Investigators found a five by twelve-foot vat in the basement of the castle, which they assumed was used for quick liming bodies. They found another large vault big enough to hold two people. It had two gas pipes running into it and was soundproof, making it the perfect death machine.

The theory was Holmes would lock his victims in the chamber, then turn on the gas to asphyxiate them. “After they were dead, he would place the bodies in a chemical solution so as to prevent identification.”[5] The final step was to articulate the bones and sell them to medical students.

That information led the Rock Island Argus to speculate how Julia Connor died.
“Julia Connor works for him. She has been a victim of his lust. She comes to his office on a morning and is entrapped in his false vault, airtight. The walls of this vault are deadened with chemical wool. The body remains there. In time, Holmes removes it. He had a huge stove in the office, vats, and furnaces in the basement. By fire and chemical processes, he destroys the body. Later the child, Pearl, is killed.

“The chamber in which there were no windows, into which gas could be introduced, to which Holmes could come by secret ways while his victim slept, was where the child met her end. So, too, did other victims, their blood staining the floor, the door panels, the steps of the secret trap down which they were dragged to the basement.”[6]

Jonathan Belknap (an uncle of Holmes’ wife) speculated that Holmes killed Julia Connor in the Englewood Building. He believed “she was asphyxiated in her room while she slept. Her room was a small dark one adjoining the dark bathroom.” 

He said, “the murderer entered the woman’s room by the secret door from the bathroom, and when he had killed her by turning on the gas, carried her to the bathtub, cut it in pieces and fed the parts to a furnace-like fire in the stove.” Afterward, Holmes buried the bones and ashes in the cellar.[7]

Later discoveries proved him correct.

In August 1895, detectives discovered a “trail of [human] blood leading from the doorway of the dining room of Mrs. Julia L. Connor to the sink in the same room; from there into the dark chamber where she and Pearl slept, and from there to the inside of the door opening into the bathroom where the trap-door was located, and down to the secret staircase which led to the false elevator shaft and thence into the basement.”[8]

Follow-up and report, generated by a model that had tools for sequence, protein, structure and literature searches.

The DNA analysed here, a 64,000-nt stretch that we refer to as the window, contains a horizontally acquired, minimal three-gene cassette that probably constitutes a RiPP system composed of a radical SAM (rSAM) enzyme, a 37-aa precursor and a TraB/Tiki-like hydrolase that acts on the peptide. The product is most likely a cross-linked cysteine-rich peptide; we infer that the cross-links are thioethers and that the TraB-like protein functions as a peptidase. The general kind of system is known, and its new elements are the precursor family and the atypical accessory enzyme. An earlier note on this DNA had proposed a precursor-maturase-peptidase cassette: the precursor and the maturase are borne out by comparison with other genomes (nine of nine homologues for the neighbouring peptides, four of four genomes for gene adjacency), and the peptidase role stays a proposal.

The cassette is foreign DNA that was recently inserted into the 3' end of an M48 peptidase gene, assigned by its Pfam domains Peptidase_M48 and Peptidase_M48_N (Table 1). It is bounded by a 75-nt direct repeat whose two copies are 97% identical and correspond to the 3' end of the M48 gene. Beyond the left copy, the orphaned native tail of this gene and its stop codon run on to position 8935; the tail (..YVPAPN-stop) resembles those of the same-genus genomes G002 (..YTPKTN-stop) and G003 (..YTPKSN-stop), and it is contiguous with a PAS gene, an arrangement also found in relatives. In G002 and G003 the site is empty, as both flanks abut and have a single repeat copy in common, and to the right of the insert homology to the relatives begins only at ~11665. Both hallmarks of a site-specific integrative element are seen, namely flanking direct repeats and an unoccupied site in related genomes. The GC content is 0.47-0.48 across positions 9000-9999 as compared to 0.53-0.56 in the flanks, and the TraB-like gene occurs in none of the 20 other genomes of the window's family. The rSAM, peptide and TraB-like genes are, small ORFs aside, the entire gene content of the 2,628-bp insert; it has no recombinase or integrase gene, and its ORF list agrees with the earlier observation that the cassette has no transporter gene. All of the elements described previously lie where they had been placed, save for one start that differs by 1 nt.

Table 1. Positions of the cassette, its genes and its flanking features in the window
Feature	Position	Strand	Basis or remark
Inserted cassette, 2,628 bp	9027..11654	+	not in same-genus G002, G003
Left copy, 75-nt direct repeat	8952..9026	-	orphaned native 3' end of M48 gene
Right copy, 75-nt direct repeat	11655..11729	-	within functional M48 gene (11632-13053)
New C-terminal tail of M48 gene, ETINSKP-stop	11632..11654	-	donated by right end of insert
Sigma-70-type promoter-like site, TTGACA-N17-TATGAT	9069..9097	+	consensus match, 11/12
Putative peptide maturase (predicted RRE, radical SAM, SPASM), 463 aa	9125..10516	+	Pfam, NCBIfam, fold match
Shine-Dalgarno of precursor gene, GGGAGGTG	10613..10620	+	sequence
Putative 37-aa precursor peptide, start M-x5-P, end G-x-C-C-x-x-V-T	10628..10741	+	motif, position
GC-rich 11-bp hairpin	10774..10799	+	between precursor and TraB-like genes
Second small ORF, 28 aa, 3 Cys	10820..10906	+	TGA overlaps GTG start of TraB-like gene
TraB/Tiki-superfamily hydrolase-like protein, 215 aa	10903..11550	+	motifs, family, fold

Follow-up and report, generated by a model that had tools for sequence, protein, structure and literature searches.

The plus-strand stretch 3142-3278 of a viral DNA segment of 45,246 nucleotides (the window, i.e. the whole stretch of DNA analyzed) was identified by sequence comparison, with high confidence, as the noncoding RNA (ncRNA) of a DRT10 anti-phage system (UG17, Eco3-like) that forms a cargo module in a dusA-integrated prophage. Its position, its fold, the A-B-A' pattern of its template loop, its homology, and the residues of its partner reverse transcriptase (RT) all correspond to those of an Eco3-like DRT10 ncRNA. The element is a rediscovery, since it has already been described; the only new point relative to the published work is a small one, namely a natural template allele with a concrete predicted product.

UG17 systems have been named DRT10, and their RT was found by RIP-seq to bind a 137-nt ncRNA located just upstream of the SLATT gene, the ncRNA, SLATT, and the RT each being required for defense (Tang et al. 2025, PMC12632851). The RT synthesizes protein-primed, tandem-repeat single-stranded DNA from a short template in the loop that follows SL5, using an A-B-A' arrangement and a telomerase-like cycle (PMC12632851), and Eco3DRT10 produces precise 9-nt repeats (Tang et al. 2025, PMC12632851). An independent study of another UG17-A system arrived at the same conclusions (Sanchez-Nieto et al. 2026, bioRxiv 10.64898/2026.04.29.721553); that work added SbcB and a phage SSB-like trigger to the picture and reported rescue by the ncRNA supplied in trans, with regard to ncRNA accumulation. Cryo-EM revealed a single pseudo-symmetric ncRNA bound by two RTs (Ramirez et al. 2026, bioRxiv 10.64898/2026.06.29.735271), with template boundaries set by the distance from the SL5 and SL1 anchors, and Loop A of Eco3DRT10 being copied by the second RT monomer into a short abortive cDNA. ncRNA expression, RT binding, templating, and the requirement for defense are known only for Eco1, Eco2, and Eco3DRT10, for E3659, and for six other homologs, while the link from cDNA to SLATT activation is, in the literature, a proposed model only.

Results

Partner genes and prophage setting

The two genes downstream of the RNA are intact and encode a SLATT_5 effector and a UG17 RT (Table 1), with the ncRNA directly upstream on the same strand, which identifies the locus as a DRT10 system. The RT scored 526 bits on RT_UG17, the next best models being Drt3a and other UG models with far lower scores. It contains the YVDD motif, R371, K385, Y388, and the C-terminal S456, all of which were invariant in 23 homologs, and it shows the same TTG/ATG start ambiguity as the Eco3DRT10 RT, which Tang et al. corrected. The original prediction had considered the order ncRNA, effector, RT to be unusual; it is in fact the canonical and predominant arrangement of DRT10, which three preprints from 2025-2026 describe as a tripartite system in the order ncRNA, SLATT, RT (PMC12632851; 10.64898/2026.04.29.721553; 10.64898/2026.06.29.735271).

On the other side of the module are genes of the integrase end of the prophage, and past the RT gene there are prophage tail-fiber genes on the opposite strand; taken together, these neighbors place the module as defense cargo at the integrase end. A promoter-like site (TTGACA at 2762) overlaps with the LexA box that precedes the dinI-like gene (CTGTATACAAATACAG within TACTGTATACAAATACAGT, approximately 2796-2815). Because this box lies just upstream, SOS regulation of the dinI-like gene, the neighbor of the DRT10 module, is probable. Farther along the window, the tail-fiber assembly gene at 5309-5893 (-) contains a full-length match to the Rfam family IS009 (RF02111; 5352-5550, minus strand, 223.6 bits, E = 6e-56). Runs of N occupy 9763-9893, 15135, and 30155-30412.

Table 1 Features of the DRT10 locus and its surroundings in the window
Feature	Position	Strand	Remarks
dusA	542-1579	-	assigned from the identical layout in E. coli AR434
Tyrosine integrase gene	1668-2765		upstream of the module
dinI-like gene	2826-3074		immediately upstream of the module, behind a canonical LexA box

On May 16, 1896, Holmes gave a written statement to Chicago Police Chief Badenoch. In it, he admitted that Julia Connor died about Christmas Day 1891, from an illegal operation (abortion) he performed on her.[9]

Later, the skeleton of her six-year-old daughter Pearl was found concealed in the basement of the “castle.” 

Holmes hired a machinist named Chappell (also spelled Chappelle) during the summer of 1892. On October 1st, he asked the man if he could mount a skeleton. Chappell said he could. Holmes led him to a dark, dingy second-floor room and pointed to the remains. 

“There was considerable flesh on the lower limbs. Both arms were practically bare.” The man took what he could with him that night! Holmes delivered the rest of the body the next day.[10]

In July 1895, Chappell led police to the location of Julia Connor’s arm and hand bones. They were currently in use in a surgeon’s office. He also explained that the head they already had belonged to Julia Connor, not Alice Williams. 

The only question the police had was how Chappell could identify the bones without implicating himself in the murders.[11]

On November 2, 1893, Holmes asked Chappell to articulate another skeleton. This one was of a female, with even more flesh on it.[12]

The story was born out by a negro named Clinton Sherman. He told detectives that he often helped Holmes remove bodies from the castle and deliver them to Chappell so he could mount the skeletons which were later sold to medical students. He said the “stiffs” came from cemeteries and hospitals.[13]

While all this was going on, Chicago police got another break-in the investigation.

Julia Connor’s nephew, Arthur Minier, of Muscatine, Iowa swore out a warrant for Holmes’ arrest on July 23, 1895. The warrant charged Holmes with murdering Mrs. Connor sometime between August and November of 1892.

What led him to file charges against Holmes was a letter from Julia Connor’s father to H. H. Holmes. Holmes had written the family and inquired about Connors’ whereabouts. “We thought you knew all about her whereabouts,” wrote her father, “and were thinking about writing you to know where she was.

“She wrote us that she was going to leave Englewood on account of Connor making threats that he would take his child away. He said he would take her by fair means or foul means... We know not that she is dead or alive. Your letter makes us very unhappy.”[14]